• "Knowing You" ("You're my joy, my Righteousness"), by Graham Kendrick (© 1994, Make Way Music)
  • "Lamb of God," by Twila Paris (© 1985, Straightway Music)
  • "Revelation Song" ("Worthy is the Lamb who was slain ... Lord God Almighty ... King of kings"), Jennie Lee Riddle (© 2004 Gateway Create Publishing)
  • "Righteous One," Bruce Muller (© 1991 Universal Music - Brentwood Benson)
  • "There is a Redeemer" ("Precious Lamb of God, Messiah") by Melody Green (© 1982 Universal Music - Brentwood Benson)
  • "We Fall Down" ("Holy, holy, holy is the Lamb"), by Chris Tomlin (© 1998, Worshiptogether.com Songs)
  • "We Will Glorify" (We will glorify the King of kings, we will glorify the Lamb"), by Twila Paris (1982 New Spring)
  • "Worthy Is the Lamb," by Darlene Zschech (© 2002, Hillsong Publishing)
  • "Worthy, You Are Worthy" ("Holy, You are Holy"), by Don Moen (© 1986, Integrity's Hosanna! Music)
  • "You Are My All in All" ("Jesus, Lamb of God, worthy is your name"), by Dennis Jernigan (© 1991, Shepherd's Heart Music, Inc.)
  • "Your Great Name" ("Worthy is the Lam that was slain for us") by Krissy Nordhoff and Michael Neele (2008, Integrity's Praise! Music)


From Appendix 6. Exercises to Help You Internalize the Names of Jesus, select some activities that will help you internalize the truths of this lesson's names, titles, descriptors, and metaphors. This week, how can you creatively pray, meditate, write, worship, consider, draw or paint, compose, picture, and live out these truths in your community?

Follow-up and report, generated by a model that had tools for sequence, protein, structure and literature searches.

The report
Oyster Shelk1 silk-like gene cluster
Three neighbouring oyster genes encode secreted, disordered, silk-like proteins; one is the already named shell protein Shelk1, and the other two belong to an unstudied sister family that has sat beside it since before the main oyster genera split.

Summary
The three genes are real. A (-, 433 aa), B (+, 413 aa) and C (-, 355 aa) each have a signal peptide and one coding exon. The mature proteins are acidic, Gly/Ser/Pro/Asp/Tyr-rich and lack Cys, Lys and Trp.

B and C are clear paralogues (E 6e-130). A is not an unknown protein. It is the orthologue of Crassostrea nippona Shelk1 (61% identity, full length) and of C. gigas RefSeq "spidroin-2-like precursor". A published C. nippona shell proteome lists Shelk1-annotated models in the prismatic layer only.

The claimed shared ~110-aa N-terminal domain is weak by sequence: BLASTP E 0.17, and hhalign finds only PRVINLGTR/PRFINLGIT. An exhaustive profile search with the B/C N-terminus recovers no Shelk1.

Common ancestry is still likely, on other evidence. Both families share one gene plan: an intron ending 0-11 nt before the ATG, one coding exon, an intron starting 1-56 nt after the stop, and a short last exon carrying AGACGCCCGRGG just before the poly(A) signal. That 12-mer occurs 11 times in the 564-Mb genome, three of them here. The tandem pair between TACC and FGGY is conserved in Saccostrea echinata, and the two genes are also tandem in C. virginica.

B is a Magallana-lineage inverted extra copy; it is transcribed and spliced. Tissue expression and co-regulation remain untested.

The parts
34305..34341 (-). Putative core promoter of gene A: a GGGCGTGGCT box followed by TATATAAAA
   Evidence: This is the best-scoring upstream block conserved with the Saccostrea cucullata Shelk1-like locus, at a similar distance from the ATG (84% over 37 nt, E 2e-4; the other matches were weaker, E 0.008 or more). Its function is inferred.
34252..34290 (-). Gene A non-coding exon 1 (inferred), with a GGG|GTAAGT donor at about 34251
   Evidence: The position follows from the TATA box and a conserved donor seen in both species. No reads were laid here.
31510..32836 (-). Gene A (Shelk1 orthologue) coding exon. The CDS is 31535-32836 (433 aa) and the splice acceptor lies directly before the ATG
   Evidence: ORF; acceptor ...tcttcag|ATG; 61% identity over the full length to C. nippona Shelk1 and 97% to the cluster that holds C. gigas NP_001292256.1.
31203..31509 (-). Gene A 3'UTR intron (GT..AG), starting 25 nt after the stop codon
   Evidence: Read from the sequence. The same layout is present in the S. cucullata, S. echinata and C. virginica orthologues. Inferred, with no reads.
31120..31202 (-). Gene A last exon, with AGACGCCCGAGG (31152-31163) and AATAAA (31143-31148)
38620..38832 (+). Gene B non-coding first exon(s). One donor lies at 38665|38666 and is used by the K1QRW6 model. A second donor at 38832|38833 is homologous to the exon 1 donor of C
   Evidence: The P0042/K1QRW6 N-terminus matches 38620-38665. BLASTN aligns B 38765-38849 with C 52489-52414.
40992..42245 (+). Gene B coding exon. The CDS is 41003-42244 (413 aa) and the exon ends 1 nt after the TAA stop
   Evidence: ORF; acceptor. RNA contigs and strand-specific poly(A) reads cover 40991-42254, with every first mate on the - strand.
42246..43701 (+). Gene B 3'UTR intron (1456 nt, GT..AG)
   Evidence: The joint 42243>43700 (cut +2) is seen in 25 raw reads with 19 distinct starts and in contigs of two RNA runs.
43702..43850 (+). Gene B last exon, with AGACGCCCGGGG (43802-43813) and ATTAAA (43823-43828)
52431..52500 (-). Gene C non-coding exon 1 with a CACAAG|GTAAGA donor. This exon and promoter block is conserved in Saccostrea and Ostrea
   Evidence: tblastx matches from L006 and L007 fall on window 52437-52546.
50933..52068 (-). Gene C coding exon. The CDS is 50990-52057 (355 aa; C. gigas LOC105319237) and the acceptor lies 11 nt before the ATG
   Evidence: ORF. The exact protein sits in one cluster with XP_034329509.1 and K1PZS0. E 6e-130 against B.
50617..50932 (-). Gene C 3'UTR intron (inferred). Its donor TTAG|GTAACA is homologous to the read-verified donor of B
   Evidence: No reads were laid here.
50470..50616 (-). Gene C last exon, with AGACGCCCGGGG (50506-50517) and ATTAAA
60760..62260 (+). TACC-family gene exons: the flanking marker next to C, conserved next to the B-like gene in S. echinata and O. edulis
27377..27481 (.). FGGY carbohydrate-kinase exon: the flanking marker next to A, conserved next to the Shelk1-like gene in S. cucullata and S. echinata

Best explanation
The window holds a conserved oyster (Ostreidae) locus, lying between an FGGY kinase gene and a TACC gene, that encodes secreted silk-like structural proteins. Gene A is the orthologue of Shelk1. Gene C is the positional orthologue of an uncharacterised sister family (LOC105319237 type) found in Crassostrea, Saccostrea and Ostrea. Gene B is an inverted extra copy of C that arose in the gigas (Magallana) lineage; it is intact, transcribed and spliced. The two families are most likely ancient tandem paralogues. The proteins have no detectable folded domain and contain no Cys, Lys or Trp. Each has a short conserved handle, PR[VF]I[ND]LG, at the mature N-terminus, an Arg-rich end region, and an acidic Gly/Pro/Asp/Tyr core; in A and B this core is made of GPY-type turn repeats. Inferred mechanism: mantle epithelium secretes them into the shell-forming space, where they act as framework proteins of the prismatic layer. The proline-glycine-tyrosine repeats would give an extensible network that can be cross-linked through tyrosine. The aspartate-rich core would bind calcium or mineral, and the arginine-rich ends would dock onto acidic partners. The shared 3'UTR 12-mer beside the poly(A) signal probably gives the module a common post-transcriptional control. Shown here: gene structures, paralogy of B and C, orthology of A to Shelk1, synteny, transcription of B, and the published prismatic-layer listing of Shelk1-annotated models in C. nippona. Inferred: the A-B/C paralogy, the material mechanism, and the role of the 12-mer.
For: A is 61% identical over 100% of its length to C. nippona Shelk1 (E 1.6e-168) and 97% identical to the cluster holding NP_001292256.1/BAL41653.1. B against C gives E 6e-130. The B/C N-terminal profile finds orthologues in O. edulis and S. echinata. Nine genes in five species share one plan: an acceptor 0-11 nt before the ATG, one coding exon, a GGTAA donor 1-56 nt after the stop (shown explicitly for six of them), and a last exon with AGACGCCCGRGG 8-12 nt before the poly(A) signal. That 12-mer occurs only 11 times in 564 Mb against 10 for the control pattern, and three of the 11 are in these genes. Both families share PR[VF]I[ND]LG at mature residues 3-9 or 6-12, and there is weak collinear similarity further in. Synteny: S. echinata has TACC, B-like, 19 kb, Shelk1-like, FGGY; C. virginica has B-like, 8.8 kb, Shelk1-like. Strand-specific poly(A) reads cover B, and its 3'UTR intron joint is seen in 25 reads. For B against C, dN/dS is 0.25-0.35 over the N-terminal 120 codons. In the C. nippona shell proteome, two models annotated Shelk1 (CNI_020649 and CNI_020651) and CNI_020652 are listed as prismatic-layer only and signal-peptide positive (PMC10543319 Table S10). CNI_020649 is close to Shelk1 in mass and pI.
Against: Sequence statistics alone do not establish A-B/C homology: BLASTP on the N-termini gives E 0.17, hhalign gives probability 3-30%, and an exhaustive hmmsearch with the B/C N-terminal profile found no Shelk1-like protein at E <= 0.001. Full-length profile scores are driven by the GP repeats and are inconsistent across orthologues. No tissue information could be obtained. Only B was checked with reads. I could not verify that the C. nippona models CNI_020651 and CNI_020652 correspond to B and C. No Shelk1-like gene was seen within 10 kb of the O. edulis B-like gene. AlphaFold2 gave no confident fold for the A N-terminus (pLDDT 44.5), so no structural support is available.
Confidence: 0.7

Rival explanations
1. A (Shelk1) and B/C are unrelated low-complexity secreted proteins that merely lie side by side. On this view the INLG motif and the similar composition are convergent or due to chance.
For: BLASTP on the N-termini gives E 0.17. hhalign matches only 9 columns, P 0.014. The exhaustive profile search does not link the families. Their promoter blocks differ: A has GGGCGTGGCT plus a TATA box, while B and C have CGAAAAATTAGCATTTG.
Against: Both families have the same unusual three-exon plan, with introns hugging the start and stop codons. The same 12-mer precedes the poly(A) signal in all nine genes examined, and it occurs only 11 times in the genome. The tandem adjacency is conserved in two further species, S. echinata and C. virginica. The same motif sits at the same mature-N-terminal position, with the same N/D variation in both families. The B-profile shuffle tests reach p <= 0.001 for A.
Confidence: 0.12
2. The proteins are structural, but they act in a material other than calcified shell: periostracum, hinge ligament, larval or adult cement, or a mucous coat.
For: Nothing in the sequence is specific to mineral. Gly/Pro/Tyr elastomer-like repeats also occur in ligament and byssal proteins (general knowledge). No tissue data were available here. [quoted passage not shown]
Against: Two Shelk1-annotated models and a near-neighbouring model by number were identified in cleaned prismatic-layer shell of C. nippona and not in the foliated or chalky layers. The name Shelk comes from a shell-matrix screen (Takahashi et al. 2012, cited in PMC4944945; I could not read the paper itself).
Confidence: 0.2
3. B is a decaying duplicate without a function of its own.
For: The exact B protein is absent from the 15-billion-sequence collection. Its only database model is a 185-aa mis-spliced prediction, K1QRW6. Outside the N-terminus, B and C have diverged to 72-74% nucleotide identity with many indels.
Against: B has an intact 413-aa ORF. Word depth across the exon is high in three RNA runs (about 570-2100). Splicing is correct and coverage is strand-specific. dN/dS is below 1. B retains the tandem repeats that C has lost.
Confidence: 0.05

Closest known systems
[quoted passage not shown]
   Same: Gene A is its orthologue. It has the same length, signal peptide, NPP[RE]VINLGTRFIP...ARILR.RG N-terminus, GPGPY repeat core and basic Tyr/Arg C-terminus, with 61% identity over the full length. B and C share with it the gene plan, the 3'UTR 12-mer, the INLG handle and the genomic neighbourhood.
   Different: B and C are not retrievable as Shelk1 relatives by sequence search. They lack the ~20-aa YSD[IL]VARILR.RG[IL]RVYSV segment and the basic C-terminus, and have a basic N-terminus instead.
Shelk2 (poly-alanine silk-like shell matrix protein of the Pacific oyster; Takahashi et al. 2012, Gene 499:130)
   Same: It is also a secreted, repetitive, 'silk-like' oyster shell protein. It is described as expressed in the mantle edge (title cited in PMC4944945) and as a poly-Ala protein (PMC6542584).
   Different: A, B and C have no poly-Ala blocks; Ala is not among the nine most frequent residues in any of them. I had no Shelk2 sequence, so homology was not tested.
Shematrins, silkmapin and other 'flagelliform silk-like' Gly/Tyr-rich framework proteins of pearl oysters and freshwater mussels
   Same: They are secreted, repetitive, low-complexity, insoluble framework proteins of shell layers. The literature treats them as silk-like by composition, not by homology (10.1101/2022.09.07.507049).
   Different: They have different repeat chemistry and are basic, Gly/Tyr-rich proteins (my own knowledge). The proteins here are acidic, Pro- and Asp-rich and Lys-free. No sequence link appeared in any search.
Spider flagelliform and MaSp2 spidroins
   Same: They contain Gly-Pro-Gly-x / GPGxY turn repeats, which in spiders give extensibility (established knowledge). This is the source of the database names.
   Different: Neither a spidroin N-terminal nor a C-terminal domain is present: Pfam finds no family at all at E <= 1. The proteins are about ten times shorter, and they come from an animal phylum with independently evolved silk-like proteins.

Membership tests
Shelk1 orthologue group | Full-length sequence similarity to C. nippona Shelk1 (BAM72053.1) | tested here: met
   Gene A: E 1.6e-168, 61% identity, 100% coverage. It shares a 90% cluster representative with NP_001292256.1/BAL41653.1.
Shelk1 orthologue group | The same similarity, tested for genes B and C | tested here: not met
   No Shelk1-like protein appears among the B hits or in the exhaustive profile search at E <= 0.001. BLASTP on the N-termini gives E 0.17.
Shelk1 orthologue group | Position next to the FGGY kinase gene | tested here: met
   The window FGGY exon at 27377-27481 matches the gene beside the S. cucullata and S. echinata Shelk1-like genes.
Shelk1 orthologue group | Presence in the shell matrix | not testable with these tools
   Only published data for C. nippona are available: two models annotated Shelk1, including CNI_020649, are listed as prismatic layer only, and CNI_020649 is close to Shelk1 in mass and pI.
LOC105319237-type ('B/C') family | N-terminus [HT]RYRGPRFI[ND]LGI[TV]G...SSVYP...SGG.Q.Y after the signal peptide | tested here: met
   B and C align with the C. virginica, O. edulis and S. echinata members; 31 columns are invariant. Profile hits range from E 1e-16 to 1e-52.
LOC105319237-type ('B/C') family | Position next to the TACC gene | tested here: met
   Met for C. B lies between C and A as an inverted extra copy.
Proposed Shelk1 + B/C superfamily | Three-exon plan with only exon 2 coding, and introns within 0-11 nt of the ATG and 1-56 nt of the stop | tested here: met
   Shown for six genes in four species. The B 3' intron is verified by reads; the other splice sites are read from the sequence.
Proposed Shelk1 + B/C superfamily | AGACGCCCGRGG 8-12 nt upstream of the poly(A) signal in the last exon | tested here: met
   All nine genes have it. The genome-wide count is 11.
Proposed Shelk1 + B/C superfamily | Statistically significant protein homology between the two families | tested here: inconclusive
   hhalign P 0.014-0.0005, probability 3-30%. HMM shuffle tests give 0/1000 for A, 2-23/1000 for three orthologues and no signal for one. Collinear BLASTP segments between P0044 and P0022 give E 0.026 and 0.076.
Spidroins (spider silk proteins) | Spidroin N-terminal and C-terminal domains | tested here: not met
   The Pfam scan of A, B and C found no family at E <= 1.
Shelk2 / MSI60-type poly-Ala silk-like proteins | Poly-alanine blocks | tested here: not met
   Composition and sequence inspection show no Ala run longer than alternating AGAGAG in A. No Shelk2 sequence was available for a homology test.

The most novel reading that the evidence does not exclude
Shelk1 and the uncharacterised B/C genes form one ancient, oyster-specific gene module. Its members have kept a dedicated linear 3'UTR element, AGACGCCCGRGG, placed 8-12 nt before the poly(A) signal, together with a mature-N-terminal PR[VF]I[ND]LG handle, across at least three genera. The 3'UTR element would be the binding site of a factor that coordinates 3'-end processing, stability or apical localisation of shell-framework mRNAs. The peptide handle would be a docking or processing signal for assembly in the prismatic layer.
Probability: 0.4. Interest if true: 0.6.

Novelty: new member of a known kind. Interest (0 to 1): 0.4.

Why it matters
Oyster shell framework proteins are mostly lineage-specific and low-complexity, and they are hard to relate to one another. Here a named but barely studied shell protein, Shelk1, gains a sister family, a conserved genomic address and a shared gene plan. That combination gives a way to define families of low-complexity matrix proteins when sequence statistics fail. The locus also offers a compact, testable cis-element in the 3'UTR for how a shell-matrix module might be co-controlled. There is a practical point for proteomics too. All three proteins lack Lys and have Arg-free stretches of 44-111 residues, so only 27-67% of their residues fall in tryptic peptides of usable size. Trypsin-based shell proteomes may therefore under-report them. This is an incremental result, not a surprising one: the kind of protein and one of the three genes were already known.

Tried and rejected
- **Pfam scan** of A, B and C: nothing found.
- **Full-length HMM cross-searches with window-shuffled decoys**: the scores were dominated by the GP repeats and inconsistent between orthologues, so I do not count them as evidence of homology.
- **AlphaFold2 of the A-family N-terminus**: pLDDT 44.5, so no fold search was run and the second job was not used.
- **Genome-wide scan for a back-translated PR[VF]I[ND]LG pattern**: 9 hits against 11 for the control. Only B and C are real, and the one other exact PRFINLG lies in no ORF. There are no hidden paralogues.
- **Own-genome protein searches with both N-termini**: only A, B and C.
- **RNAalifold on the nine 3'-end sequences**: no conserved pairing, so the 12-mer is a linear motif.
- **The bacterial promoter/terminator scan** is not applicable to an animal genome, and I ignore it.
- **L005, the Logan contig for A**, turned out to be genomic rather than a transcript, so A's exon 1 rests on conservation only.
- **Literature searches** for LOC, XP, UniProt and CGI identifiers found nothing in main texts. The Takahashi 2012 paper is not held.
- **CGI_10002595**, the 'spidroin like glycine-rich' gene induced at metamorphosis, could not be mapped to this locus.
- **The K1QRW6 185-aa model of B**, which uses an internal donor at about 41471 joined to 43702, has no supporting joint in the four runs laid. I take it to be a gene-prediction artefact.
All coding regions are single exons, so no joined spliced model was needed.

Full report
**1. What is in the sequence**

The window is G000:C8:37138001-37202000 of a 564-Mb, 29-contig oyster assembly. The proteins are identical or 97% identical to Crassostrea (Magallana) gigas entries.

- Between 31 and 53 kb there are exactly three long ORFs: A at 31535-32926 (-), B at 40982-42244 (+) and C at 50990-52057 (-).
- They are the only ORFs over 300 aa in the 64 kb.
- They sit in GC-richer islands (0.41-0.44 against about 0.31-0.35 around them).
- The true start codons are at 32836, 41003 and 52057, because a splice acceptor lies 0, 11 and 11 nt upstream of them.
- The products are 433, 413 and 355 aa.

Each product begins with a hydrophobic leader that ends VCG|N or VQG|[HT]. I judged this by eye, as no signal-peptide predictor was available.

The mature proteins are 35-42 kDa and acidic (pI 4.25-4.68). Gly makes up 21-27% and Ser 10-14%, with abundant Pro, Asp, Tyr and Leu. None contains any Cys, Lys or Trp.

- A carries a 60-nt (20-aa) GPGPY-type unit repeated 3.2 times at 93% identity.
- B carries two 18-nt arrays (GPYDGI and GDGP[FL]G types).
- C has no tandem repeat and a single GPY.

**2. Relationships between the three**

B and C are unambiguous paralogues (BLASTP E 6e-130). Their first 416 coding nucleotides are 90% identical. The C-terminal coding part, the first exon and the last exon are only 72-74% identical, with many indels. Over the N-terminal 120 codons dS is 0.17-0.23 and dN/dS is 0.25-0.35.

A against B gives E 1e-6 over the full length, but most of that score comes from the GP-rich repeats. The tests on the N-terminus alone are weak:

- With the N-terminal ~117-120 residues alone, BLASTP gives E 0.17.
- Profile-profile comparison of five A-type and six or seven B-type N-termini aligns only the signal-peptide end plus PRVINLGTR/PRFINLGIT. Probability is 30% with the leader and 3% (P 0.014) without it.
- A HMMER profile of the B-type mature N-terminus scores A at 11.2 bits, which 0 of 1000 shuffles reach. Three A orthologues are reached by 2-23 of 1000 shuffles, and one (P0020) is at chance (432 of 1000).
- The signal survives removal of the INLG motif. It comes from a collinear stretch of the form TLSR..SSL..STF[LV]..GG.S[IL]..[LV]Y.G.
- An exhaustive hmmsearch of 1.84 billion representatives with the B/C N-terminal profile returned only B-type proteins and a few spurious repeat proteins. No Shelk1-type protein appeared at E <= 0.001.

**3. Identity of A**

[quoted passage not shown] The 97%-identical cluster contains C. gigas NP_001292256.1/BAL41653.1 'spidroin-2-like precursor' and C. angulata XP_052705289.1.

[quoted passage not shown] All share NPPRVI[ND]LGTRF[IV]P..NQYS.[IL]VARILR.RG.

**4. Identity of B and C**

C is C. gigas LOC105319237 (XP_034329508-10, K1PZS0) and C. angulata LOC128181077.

Actively participating in these ways will help you grow to be like Christ.


[86] Dikaios, BDAG 24, 1bβ.

[87] Hagios, BDAG 11.

[88] In Matthew 19:16, the KJV "good master" adds the adjective "good" to didaskalos, to conform it to parallel accounts in other gospels. "Good" is "absent from early and good representatives of the Alexandrian and the Western texts, was manifestly brought in by copyists from the parallel accounts" (Mark 10:17; Luke 18:18) (Metzger, Textual Commentary, p. 49).

[89] Some manuscripts record the term again in Pilate's mouth (Matthew 27:24, KJV). Metzger (Textual Commentary, p. 68) notes that the words tou dikaiou don't occur "in the best representatives of the Alexandrian, Western, and Caesarean texts." He give the reading a {B} "some degree of doubt" designation.

[90] KJV: "the Holy One and the Just."

[91] Amnos, BDAG 54.

[92] Arnion, BDAG 133.

[93] Walther Günther, "Sin," NIDNTT 3:573-583.

[94] Kosmos, BDAG 562.

[95] Airō, BDAG 28. Joachim Jeremias (airō, TDNT 1:185-186) indicates that airo can refer here to either the substitutionary bearing of penalty (if the Suffering Servant of Isaiah 53 is in mind) or "the setting aside of sin by the expiatory power of the death of Jesus." Jeremias prefers the latter approach.

[96] An equivalent Arabic root means "cover" or "conceal," but evidence that the Hebrew root means "to cover over sin" is weak. Rather, the root idea of kipper seems to be "to purge," related to an Akkadian cognate kuppuru meaning "to wipe clean." Richard E. Averbeck, "Sacrifices and Offerings," DOTP 706-732, especially p. 710. R. Laird Harris, kāpar, TWOT #1023.

[97] Pascha, "the Passover," then "the Passover Lamb" (BDAG 784, 1, 2).

[98] Hilasmos, "appeasement necessitated by sin, expiation" (BDAG 474, 1).

[99] "Fountain" is māqôr, "well, spring, fountain," figuratively as a source of purification, life, and vigor (BDB 881). Because there are no actual descriptors in the scripture, we haven't listed Jesus in his other roles using the image of water. But they might be: Source of Living Water (John 4:10; Revelation 22:17).

[100] "Forerunner" is prodromos, "pertaining to being a precursor, going (lit. running) before, going ahead, a scout," from pro- "motion forward, before another who follows, in advance" (Thayer 537, dα) + trecho, "to run."